For Patterson-UTI, It's A Question Of "When" Not "If" US Shale #drilling Recovers #onshore #rigcount #trends

By 18th December 2015 Industry News No Comments

US land drillers have been some of the hardest hit companies in the downturn as demand for tight oil drilling evaporated alongside oil prices. But Patterson-UTI, the 2nd largest land driller in the US, is looking through the downturn to the eventual recovery.

Speaking at an investor conference about a week ago, CEO Andy Hendricks’ talked about managing during what will be a difficult 2016. But his talking points often returned to how his organization will respond to the eventual recovery. In fact, he said the word “recovery” just as often as the word “downturn” – 7 times each. This perfect balance is at odds with visibility where there is none on growth and 100% on further contraction.

Here are several of his points that highlight a deep-rooted belief in a coming recovery:

“We are very well situated for the eventual recovery when it comes.”
“The majority of our fleet are the types of rigs that are going to be in demand when the large independents go back to drilling and start picking up high-spec rigs when we get into a recovery mode.”
“We can continue to scale [down] if times get tougher in 2016, and we’ll make it up the other side of this downturn and we are going to come out a stronger business than we were going in.”
“Going forward, I think, we’ll see a good take-up of this technology once we get into recovery mode out of this downturn.”
“If you look at the breakdown of the 161 APEX rigs that we have, 128 of those are the 1500 HP. So that’s right in the sweet spot of where the market needs to be for the eventual recovery.”
“So what types of rigs are people going to be looking for? So it’s a 1500 HP, it’s going to be mass load-rating with 750,000 pounds. It’s going to be multi-well pad capable…”
“We’ve said at the last call that we have 38% of our equipment stacked and one of the questions that we get is, well, how much of those equipment will go back to work when we get into recovery. Well, I expect all of it will go back to work because the average age is not very much.”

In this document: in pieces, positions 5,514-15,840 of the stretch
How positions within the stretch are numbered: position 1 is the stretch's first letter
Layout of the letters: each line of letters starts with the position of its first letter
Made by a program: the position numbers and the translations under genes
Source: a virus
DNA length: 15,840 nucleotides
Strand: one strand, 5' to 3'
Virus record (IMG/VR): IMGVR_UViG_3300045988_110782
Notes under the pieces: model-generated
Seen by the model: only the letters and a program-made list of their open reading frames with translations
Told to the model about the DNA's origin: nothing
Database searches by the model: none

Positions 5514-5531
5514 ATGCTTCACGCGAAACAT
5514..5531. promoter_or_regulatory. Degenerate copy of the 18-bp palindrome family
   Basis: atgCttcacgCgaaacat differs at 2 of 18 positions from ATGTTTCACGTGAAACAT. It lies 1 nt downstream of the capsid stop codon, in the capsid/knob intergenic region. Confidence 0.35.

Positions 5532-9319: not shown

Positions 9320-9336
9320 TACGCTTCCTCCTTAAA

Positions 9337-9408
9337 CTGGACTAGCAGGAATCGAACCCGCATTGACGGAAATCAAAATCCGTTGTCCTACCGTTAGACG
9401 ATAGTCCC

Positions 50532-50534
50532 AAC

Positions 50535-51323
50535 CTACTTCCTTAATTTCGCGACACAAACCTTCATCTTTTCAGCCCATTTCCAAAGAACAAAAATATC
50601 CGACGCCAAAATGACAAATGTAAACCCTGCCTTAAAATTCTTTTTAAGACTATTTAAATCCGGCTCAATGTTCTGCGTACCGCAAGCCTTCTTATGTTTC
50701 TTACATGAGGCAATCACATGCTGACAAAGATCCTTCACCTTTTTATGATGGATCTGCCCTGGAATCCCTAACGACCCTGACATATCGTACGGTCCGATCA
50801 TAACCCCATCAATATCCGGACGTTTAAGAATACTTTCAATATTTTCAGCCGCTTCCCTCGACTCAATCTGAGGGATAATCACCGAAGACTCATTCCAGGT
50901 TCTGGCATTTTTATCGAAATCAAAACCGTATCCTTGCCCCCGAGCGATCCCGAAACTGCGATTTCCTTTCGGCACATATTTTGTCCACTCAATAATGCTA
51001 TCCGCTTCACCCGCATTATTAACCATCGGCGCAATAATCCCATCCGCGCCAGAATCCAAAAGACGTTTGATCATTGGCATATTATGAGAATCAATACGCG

“Our equipment that is stacked has the ability in the recovery to all go back to work.”

OFS execs are in a tough spot as this downturn grows long in the tooth and their owners abandon ship. We expect more management teams to talk this way during 2016. Executives are living with the downturn, but they are living for the recovery, and they have to sell that hope to stakeholders no matter how bad things get.

And Andy does have a point – in this bleak climate it is easy to forget the good times. We must remember that this is a cyclical business. Even if 2016 is as bad as currently advertised (and it’s looking bad), 2017 could bring a rising tide to the ships that make it through the storm.

Weekly North American Rig Count Statistics

The North America rig count fell 12 units last week, with a gain in US oil drilling more than offset by declines in US gas and Canada. WTI has moved firmly into the mid-$30s just as 2016 budget season for the Independents is underway. We believe this skews rig count direction lower in the weeks and months ahead.

As 2015 budget dollars begin to run out in 4Q, North American drilling activity is stalling as year-end approaches. If our estimate of a 20%+ drop in 2016 NAM E&P spending proves correct, rigs will continue to trickle into yards during 1H16.

While the weekly figures will ebb and flow, the recent leg down in oil prices jeopardizes stability, and the 600 rig count level for US land could be tested in the weeks ahead.

In Canada, the rig count fell 12 rigs to 162 for the week. The seasonal winter break is upon us in Canada.

A regional summary of rig counts by key basins is below. With 206 rigs working, the Permian is still the most active basin, and it was up 2 rigs on the week. The Eagle Ford, with 77 rigs running, is the second most active basin, and it was up 1 last week. With 58 rigs running, activity in the Bakken was flat last week.